A skilled helicopter pilot has shown his rage at finding a drone that was flying close to him during a fire-fighting procedure in Canterbury last year. He mentioned that it could have flown through his windscreen or even hit him right in the face.
Kairaki man Simon Roy Reeve, 38, is facing three charges for causing irrelevant risk and flying a drone in a controlled airspace without authorization.
Prosecutors report that he flew his remote-operated drone hazardously close to a Way2Go Heli Services squirrel helicopter fighting a big plantation fire at the Pines Beach in January last year.
David Askin, also known as Steve, showed his rage at seeing drone footage of the fire come up on the news that night.
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The helicopter pilot and instructor made claims that he was oblivious to the fact that it was in the air during the period of the hazardous operation.
“When I was sitting there watching that footage, I was running through all the possible instances of what could have happened,” he told the court.
“For one it could damage the helicopter, and the helicopter is an expensive piece of equipment. Two, it could bring me down to the ground, cause me to crash,” he added.
Mr. Askin narrated how helicopter pilots normally take the doors off of their aircraft in firefighting procedures and suspend their head outside to present a good view of their monsoon bucket and target. The drone hitting him on the face would have been the worst possible thing that could have happened.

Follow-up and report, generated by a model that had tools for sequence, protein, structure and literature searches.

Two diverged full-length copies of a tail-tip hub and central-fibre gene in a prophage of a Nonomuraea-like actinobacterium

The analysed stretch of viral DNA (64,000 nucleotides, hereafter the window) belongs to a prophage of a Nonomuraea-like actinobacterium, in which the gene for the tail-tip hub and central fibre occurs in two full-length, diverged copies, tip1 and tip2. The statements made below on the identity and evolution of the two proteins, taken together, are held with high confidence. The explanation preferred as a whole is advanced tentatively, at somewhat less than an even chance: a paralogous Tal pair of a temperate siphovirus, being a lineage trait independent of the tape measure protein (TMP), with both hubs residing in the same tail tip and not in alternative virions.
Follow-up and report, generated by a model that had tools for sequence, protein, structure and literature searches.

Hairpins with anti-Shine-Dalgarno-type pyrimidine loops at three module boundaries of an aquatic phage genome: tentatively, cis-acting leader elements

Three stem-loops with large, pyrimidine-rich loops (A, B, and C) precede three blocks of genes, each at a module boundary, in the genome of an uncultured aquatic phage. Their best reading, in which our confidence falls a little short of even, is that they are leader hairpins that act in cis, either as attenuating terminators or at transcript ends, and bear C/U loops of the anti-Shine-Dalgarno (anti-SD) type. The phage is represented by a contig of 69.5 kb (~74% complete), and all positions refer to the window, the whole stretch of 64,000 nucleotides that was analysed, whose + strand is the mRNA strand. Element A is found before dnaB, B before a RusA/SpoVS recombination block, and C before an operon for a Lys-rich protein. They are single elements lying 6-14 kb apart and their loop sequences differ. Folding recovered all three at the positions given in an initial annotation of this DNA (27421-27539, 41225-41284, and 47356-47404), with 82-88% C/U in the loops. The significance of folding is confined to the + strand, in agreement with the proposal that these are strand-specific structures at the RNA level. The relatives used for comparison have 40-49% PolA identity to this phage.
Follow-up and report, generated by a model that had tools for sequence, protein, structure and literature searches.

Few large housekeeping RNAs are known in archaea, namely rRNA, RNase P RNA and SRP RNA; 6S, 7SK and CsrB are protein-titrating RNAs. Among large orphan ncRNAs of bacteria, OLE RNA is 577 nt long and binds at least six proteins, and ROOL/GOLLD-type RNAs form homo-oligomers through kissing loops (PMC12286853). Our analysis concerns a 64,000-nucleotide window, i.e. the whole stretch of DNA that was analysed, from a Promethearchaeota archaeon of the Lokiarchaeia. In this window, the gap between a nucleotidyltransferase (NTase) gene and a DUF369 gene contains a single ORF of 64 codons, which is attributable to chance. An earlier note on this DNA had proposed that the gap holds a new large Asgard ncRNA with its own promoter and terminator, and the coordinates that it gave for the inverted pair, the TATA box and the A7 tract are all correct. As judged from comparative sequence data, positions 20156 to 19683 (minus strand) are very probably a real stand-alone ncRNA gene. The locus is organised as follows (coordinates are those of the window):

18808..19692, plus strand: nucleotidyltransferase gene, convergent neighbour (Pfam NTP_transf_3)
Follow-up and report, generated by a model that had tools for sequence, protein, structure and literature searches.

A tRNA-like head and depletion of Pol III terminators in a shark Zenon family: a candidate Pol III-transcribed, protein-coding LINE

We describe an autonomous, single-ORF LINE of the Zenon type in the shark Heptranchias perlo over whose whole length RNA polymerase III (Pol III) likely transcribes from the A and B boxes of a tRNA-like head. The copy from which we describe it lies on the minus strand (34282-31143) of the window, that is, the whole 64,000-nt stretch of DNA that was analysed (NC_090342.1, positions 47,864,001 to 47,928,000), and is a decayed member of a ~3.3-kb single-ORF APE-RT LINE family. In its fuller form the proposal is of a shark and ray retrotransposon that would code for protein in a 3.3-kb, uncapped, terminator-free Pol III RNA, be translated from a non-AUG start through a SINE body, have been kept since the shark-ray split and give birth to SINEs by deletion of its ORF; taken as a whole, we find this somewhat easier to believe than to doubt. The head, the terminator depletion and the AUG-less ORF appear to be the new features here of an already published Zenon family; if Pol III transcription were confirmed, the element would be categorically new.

“That thing could come through the windscreen at the pilot. There’s a hundred million different scenarios that could affect the helicopter in a small way to a big way.”
TVNZ pays for drone footage.
Proof started this morning with attestation from a TVNZ news crew that got to the scene to comment on the fire and a series of expulsions close to the plantation.
Reporter Joy Reid mentioned to the court that she observed Mr. Reeve directing a remote control in a clearing close to Pines Beach village around mid-afternoon. She couldn’t see the drone at that time and didn’t observe it until Mr. Reeve landed it later that day.
She made an offer to pay Mr. Reeve $200 for his footage and it was broadcast on the 6:00 p.m. news that evening.
The defense has made claims before that Mr. Reeve had perspective with the drone and was capable of seeing it at all times all through the flight.
Camera operator Daniel O’Sullivan stated that the drone had taken scenes he wasn’t capable of filming from the ground. First of all, he observed Mr. Reeve flying the drone in a clearing very close to the plantation, but he reported that it was working in a “completely different location” later in the day.
The judge-alone trial should be finalized soon.